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It's nice to see the monsters from LORD OF THE RINGS can still get work. They are at the center and are the big reveal of THE DESCENT. And while I would like to say they are the star of the show, that's just not true. The real star of the show is the massive underground cavern where the film spends most of it's time. And I have plenty of opinions on that.

The film starts off as a little girl gleefully watches as her mother nearly gets creamed white water rafting. The mother doesn't but the kid does shortly thereafter, along the emotionless father. At this point, a young guy and his girlfriend sat next to me in the theatre and asked me if they missed anything. It's amusing to be able to answer, "Yeah, a six-year old brat just got a giant metal pole right through her melon." They looked disturbed by this information, as is the girl's onscreen mother, Sara (Shauna Macdonald - SPOOKS, or MI-5 as it's called in the States). She's the only survivor and as you can imagine, she's a bit battered emotionally.

A lot has been made about "sexy girls battling monsters in a cave" and so on. On the contrary, the film does not go to any lengths at all to increase the sex appeal of the cast.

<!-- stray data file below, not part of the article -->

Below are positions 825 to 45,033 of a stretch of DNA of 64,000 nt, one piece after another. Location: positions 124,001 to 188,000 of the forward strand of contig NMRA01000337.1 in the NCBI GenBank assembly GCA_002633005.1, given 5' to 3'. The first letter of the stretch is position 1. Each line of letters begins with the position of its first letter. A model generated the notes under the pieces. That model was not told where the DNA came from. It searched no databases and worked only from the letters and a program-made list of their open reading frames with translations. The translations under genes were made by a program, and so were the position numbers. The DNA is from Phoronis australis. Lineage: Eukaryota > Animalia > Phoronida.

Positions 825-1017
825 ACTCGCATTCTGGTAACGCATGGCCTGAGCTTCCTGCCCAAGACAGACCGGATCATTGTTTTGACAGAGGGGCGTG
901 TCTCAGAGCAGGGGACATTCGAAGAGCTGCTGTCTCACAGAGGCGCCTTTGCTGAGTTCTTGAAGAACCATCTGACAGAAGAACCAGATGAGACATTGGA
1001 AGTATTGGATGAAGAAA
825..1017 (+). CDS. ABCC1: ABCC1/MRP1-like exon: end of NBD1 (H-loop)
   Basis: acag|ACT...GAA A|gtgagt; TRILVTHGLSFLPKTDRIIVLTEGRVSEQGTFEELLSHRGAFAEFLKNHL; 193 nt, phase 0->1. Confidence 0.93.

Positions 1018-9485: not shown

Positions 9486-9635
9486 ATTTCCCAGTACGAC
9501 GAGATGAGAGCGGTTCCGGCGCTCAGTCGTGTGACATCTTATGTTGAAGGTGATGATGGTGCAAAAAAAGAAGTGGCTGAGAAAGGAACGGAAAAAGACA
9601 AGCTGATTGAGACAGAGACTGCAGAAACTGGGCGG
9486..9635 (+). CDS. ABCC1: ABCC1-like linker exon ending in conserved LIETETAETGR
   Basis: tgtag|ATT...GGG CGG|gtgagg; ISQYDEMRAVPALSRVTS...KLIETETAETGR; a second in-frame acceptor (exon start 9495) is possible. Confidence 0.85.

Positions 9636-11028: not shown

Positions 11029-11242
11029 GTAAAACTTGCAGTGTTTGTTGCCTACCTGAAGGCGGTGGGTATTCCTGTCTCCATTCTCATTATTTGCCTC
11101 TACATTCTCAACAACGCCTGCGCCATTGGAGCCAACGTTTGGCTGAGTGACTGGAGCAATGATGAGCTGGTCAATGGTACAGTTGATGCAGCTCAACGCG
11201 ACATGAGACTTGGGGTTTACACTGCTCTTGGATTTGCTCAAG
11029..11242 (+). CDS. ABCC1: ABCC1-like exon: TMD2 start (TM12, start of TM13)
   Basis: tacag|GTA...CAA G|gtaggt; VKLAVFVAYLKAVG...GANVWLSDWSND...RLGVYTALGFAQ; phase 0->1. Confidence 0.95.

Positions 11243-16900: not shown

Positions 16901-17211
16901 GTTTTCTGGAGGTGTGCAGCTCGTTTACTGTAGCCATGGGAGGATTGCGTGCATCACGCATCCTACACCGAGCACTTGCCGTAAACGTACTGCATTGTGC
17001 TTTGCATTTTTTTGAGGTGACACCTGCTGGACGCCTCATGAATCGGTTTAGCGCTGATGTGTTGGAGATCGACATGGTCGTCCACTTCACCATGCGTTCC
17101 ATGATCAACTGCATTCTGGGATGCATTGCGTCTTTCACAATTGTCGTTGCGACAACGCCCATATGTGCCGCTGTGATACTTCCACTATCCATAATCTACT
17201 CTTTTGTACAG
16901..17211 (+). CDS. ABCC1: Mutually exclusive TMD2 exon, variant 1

One year later, she agrees to a weekend getaway (cue the horror film "uh-oh") exploring some underground caverns with her best friend Juno (Natalie Mendoza - CODE 46) and several of other extreme sports loving women. Now, here is where I should point out to everyone where many people may be misled by the premise of THE DESCENT. A lot has been made about "sexy girls battling monsters in a cave" and so on. On the contrary, the film does not go to any lengths at all to increase the sex appeal of the cast. While I am a great admirer of the fairer sex, it was a bit refreshing that for once, filmmakers avoided turning the movie into an underground COYOTE UGLY. Meaning no offense of course, most of the characters are quite average-looking. In other words, the film is more interested in character and wits than it is in cosmetic beauty. The rest you've heard is just PR.